David Torres Bravo writes from China, California, where he is pastor of the Portuguese-speaking congregation.

One of our churches has appointed four days a year known as Good Shepherd Days. On these special days the members of the church are invited to make a special effort to seek the wanderers from the fold and encourage them to return and share the fellowship of the church and the inspiration of the evangelistic program.

The members go out two by two, not only once but twice, thrice, and more times if necessary. Later, others are encouraged to visit the straying members until the warmth of love and fellowship helps them to know that the church really cares fro them.

Sheep are the most helpless of all animals when lost; they cannot find their way back to the fold. The shepherd in the story that Christ told of the lost sheep could have stood in the doorway and shouted or blown a horn, and said to himself, "Surely, when that lost sheep out there realizes the hard time he is having, he will come back to the fold. When he does I will graciously open the door." But that is not what the shepherd did. With an anxious heart he left the comforts of the fold, and although it cost him much time and suffering, he found the lost one. The shepherd did not scold, condemn, or abuse the sheep. He bound up its wounds, placed it close to his heart, and tenderly carried it home.

It might be a good plan, on a particular Sabbath day, to place in the hand of each member a blank card upon which he may write the names of former church members. The following information should be obtained:

• The address and approximate age of the person
• How long it has been since he left the church
• Why he left • How long had he been a member
• What his present attitude is
• Whether he left the message because of Sabbath problems, differences in the home, doctrinal confusion, or church misunderstanding;
• Whether he feels he was treated unfairly or was hurt by someone at the church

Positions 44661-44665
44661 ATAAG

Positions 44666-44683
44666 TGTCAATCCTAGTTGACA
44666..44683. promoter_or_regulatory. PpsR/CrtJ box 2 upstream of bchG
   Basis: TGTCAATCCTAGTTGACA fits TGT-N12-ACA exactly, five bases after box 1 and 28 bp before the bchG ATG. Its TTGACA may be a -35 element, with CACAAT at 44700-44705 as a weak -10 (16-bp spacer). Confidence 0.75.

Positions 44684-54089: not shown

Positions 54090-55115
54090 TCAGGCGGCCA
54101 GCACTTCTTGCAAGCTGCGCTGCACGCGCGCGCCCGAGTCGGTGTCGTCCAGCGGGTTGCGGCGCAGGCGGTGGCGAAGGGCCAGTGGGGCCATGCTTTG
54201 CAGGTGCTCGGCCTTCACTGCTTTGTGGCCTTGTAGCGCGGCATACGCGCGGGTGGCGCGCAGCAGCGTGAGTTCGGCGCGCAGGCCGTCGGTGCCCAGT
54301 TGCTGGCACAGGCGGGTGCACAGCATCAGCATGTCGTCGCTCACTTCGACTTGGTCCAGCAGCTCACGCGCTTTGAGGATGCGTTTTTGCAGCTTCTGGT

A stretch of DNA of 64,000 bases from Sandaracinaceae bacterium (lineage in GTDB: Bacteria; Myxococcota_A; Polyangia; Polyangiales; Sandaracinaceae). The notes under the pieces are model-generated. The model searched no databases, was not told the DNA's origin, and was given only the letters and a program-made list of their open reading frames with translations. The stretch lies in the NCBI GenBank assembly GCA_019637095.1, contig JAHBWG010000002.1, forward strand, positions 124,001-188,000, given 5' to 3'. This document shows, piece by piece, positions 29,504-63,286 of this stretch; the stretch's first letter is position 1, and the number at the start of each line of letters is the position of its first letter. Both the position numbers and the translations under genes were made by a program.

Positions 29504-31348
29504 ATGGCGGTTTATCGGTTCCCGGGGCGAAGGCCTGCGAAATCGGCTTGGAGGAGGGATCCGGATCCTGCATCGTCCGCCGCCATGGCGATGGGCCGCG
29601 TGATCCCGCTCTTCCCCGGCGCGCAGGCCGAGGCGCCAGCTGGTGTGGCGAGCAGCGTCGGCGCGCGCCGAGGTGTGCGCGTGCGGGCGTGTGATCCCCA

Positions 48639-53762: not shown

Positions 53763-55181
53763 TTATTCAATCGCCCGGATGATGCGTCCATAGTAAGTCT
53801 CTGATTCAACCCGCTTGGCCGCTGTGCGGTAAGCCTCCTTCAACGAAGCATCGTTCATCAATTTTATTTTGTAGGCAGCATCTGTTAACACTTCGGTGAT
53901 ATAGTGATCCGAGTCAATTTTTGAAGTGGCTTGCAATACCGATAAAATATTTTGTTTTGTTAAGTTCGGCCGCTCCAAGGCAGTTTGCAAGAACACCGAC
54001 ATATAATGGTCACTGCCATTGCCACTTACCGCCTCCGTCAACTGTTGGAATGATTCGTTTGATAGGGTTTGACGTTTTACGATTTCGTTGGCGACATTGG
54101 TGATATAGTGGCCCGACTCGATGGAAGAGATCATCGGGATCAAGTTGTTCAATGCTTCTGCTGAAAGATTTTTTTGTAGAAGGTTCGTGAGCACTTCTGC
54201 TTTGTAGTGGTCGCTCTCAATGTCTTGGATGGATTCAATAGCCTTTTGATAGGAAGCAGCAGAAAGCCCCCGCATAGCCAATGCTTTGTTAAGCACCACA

All this information will be valuable in determining who shall make the initial visit to reclaim him. Study should be given to the specific problems so that those calling will be well-prepared to skillfully and tactfully reclaim. This is delicate work. Be assured that the Master Shepherd will grant the undershepherd full measure of His power to heal, to persuade, and to bring the wandering one back into the fold.

Never, never become heartless, cold, unsympathetic, and censorious. Never lose an opportunity to say a word to encourage and inspire hope. We cannot tell how farreaching may be our tender words of kindness, our Christlike efforts to lighten some burden. The erring can be restored in no other way than in the spirit of meekness, gentleness, and tender love.—Testimonies to the Church, vol. 5, pp. 612, 613.

Here are several suggestions in reclaiming former members:

• Be long suffering in your patience.
• Be understanding and tender.
• Let the wanderer unburden his heart.
• Sympathetic listening is a ministry of the highest I order—be a good listener.
• Never appear shocked or hurt, no matter what you hear.
• Do not minimize the problem—it may actually be small but it usually grows large in the thinking of the  sufferer.  • Do not condemn yesterday's failures.
• Speak of faith, courage, and joy in fellowship with the Saviour.
• Never break a confidence.
• Pray together.
• Arrange when necessary for transportation to the church.
• Plan a warm welcome and an invitation to Sabbath dinner.

May no drifting member or former member ever be able to say, "No man cared for my soul" (Ps. 142:4).

David Torres Bravo writes from China, California, where he is pastor of the Portuguese-speaking congregation.